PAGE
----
Superstitions. To believe or not to believe them?
I grew up in a traditional-minded Chinese Malaysian household and am no stranger to Asian superstitions. My mum is a big believer in them, believing there are lucky Chinese numbers and that keeping pet turtles slows down fortunes, for instance. I always wonder why.
As Asians, many of us are respectful. We believe in the spiritual, believe fate controls our destiny: anger ghosts or spirits floating around and they may curse a dose of bad luck upon us. My parents pray at temples for luck at the start of every Chinese New Year. My relatives have small shrines in their homes, and and never fail to put an even number of mandarins – usually lucky eight mandarins – at the front as offerings to the gods.
We find comfort in tradition, the tried and tested. Family is important to us; we hold on to beliefs passed down from generation to generation. Whenever one of my eyes swelled up red as a kid living in Malaysia, my mum made me poke it with a grain of rice and then throw that grain over my shoulder. My eye went back to normal right after that. Always. It worked for my grandma too. No joke.
Chances are Asians believe in superstitions because it’s odd not to do so: others think that way, we’re chided to listen to our elders and perhaps we should. One hot and humid afternoon during high school in Singapore, three of my classmates opened an umbrella in class and sat under it for kicks. It was an amusing sight and my class laughed. For many Asians, opening an umbrella indoors means inviting ghosts into the room, as China Elevator Stories has shared.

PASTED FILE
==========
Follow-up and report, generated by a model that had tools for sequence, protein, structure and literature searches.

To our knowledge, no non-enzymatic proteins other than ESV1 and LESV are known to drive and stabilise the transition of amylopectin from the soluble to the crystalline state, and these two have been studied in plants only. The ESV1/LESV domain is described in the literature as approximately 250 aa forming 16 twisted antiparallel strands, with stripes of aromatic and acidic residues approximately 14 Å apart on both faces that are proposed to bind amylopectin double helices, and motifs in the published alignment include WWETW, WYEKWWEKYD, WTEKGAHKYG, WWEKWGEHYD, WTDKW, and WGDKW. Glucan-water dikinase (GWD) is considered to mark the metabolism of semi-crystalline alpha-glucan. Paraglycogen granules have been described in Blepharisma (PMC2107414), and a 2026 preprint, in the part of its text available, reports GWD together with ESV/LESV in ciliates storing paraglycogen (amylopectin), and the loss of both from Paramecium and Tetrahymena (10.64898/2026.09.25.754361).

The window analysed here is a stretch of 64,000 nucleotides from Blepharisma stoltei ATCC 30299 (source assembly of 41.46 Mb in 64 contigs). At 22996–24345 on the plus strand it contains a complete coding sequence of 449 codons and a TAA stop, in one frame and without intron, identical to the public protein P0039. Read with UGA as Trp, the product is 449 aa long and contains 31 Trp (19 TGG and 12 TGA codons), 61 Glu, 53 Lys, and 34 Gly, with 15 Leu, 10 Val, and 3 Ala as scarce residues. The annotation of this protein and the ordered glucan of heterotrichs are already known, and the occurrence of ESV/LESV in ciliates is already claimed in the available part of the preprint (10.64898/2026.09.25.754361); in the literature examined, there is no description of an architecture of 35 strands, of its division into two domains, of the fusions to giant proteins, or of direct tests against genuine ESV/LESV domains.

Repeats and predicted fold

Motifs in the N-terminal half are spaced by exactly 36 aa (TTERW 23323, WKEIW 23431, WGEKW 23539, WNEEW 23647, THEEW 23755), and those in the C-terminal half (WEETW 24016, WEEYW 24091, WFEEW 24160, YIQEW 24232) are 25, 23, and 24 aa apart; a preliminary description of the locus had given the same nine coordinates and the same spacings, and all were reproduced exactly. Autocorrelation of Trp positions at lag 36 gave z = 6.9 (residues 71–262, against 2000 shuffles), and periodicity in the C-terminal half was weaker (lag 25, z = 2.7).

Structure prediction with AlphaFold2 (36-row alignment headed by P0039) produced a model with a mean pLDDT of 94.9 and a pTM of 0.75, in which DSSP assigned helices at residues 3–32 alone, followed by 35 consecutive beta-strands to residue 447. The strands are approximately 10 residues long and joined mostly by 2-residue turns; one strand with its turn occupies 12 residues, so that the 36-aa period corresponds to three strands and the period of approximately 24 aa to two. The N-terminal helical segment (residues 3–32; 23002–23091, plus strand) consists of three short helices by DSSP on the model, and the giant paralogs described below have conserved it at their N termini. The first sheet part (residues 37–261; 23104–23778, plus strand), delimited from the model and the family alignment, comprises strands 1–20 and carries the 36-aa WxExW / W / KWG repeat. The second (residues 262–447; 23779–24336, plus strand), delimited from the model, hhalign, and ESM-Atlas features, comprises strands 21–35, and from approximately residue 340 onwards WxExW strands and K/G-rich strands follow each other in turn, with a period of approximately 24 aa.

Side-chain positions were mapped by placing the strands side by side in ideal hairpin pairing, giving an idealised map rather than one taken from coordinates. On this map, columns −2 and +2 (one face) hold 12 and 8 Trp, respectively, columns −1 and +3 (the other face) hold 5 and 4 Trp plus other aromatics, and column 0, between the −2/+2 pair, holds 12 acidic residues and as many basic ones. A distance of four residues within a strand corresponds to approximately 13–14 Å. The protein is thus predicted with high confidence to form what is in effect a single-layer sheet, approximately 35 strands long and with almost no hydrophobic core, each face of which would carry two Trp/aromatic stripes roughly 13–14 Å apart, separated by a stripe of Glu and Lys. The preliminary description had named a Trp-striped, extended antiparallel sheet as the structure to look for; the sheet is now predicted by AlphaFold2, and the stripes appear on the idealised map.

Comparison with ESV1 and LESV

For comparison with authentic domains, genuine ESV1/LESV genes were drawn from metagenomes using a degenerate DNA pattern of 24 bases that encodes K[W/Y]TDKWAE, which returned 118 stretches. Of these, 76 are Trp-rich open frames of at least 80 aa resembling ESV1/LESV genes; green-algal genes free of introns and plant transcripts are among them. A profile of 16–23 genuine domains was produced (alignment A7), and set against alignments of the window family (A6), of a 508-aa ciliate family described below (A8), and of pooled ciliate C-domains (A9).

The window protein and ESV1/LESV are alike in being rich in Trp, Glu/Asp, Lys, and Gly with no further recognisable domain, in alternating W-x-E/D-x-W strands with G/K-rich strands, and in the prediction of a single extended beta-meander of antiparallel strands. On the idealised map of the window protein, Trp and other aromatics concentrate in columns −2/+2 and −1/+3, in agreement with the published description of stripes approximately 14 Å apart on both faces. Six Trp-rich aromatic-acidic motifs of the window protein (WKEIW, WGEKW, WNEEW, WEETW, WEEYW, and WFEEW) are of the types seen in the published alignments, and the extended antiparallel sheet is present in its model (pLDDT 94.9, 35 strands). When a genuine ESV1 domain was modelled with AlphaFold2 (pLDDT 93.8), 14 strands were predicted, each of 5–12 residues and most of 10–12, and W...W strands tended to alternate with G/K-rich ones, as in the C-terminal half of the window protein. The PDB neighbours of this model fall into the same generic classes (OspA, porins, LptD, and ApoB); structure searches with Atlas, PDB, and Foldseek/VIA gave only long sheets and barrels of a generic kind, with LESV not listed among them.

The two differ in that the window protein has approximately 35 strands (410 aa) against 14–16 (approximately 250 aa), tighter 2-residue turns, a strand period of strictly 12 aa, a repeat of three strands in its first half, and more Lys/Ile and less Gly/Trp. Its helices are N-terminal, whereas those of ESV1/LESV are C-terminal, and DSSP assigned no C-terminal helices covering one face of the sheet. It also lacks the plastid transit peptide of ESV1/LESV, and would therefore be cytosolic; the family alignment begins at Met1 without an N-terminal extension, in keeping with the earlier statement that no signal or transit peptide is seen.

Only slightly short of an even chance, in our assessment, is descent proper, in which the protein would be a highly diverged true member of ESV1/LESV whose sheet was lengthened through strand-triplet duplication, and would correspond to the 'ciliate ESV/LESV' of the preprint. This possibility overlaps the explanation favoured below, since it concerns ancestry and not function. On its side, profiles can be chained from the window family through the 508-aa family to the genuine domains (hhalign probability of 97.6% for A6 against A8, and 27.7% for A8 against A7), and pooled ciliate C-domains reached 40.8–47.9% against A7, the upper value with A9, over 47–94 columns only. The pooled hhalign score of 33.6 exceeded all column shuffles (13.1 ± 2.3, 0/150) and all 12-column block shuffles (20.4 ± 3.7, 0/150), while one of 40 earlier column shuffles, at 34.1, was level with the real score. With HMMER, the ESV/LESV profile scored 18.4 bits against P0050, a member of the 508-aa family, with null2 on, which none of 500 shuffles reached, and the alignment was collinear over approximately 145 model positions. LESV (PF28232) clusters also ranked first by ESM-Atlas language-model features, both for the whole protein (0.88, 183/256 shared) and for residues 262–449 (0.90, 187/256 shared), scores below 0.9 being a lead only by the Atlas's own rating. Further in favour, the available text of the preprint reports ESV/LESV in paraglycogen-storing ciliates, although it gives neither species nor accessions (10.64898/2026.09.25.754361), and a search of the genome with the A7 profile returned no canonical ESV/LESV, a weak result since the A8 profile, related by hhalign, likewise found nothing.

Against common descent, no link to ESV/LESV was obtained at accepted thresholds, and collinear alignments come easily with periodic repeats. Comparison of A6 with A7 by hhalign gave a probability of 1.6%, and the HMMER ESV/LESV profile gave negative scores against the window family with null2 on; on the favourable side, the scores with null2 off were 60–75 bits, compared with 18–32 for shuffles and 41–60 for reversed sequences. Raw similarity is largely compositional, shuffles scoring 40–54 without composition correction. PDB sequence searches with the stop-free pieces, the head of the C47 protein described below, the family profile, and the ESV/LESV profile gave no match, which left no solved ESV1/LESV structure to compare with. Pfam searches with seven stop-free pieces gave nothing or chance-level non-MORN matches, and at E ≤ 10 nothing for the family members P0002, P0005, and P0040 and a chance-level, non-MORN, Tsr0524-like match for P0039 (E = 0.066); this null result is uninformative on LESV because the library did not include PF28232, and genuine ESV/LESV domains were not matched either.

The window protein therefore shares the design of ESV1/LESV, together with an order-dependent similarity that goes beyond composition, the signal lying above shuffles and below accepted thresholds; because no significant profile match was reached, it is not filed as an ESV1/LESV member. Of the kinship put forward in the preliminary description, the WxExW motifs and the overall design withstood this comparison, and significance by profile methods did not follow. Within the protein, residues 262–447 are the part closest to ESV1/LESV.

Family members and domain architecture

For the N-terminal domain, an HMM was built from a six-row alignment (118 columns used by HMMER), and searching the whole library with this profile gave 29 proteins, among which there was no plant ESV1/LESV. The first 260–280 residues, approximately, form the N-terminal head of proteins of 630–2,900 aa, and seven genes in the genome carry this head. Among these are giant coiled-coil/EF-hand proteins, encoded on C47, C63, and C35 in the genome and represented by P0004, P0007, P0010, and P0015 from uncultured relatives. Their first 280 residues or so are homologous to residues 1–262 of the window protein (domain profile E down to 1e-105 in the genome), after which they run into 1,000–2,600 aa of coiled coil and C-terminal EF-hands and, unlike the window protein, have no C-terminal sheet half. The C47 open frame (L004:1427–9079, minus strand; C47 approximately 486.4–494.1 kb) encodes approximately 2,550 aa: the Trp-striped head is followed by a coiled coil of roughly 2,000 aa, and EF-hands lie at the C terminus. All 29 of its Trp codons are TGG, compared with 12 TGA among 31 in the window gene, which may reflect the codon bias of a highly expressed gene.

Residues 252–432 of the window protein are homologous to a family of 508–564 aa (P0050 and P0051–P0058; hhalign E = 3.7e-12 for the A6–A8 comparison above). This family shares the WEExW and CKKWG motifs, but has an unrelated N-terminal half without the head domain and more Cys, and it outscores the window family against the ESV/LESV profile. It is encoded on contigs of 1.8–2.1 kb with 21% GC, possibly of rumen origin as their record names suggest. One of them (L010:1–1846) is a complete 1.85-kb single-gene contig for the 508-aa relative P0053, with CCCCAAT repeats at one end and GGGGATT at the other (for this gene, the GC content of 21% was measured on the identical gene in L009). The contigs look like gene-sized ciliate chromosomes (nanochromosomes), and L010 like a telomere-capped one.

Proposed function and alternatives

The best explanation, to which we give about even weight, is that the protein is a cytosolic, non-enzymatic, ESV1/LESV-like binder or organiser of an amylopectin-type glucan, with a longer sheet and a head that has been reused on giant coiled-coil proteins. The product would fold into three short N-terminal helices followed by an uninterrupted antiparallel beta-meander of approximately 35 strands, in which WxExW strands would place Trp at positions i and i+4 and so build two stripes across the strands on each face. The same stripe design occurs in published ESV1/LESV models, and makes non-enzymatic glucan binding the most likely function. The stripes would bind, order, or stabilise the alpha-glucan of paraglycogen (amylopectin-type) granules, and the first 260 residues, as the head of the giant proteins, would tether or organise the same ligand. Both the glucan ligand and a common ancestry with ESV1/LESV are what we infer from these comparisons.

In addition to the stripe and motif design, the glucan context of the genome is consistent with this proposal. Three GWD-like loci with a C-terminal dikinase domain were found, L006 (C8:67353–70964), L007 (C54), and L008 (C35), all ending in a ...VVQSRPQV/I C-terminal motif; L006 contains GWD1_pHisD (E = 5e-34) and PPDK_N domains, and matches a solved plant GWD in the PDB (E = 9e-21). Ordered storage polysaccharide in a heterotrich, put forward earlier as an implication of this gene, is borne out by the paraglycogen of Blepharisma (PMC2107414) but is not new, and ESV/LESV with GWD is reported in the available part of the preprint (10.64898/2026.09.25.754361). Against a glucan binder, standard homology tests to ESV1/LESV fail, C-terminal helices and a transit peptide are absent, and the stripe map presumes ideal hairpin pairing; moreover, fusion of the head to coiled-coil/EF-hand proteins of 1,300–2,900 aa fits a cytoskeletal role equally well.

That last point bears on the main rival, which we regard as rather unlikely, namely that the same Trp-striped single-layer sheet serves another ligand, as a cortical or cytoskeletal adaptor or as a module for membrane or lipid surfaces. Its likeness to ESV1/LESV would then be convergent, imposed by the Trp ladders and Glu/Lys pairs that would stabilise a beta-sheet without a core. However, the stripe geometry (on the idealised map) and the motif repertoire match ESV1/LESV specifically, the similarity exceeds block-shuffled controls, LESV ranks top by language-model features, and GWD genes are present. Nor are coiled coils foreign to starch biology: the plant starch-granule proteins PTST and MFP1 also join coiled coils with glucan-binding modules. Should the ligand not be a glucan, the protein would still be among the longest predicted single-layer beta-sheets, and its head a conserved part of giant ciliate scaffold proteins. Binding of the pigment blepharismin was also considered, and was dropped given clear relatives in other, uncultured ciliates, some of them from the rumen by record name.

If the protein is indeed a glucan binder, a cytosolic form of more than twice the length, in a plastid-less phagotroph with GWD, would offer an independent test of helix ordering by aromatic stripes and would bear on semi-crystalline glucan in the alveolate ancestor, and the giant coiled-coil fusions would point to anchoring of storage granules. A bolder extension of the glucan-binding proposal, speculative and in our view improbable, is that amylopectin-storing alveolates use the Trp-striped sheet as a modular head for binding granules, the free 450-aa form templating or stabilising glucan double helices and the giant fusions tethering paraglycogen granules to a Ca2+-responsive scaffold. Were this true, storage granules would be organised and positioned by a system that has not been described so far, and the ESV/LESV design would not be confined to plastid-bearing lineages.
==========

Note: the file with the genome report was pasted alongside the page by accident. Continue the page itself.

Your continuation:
Our teacher, who was much older than us, started panicking, telling us bad luck will befall us. We kept laughing for five minutes as she nagged…and the power went out. No lights. The ceiling fans stopped spinning. Silence. Someone closed the umbrella. The classes next door went on as normal, nothing unusual happening over there. Maybe we did attract an angry spirit into our class. We never opened an umbrella in class again, and the power never went out another time.
But then again, I’ve opened an umbrella countless times in my Melbourne apartment and nothing out of the ordinary has happened.
Living in Melbourne for eight years, maybe I’ve lost touch with my stereotypical Asian side. Asian superstitions sound odd and silly to me, sillier than Western superstition. Walking under ladders, crossing a black cat, coming across the number 13 – supposed signs of bad luck. Practically everyone in this mainly Anglo city has heard of them. But making sure our spoon faces upwards on the dining table and shaving our face clean of a beard to avoid misfortune? Not so.
A lot of us believe in a higher power, no matter our race. A lot of us go to church to give thanks and ask for forgiveness in western cultures – alongside our love for an individual choice, a choice that makes us think we can control our fate instead of fate controlling us. Maybe that’s why some westerners pooh-pooh superstition.
It just so happens this is the 88th post I’ve written for this blog (not counting reblogs). I chuckled when I realised this. Didn’t plan it at all. Do I feel spooked? Lucky? Lucky on the writing front? Who thinks good luck will really come their way? We only hope so.
We don’t usually believe in superstitions because we want good luck.
We believe in superstitions because we’re afraid. You never know what may happen if you don’t.
Better to be safe than sorry.
Do you believe in superstitions? What’s the craziest one you’ve heard?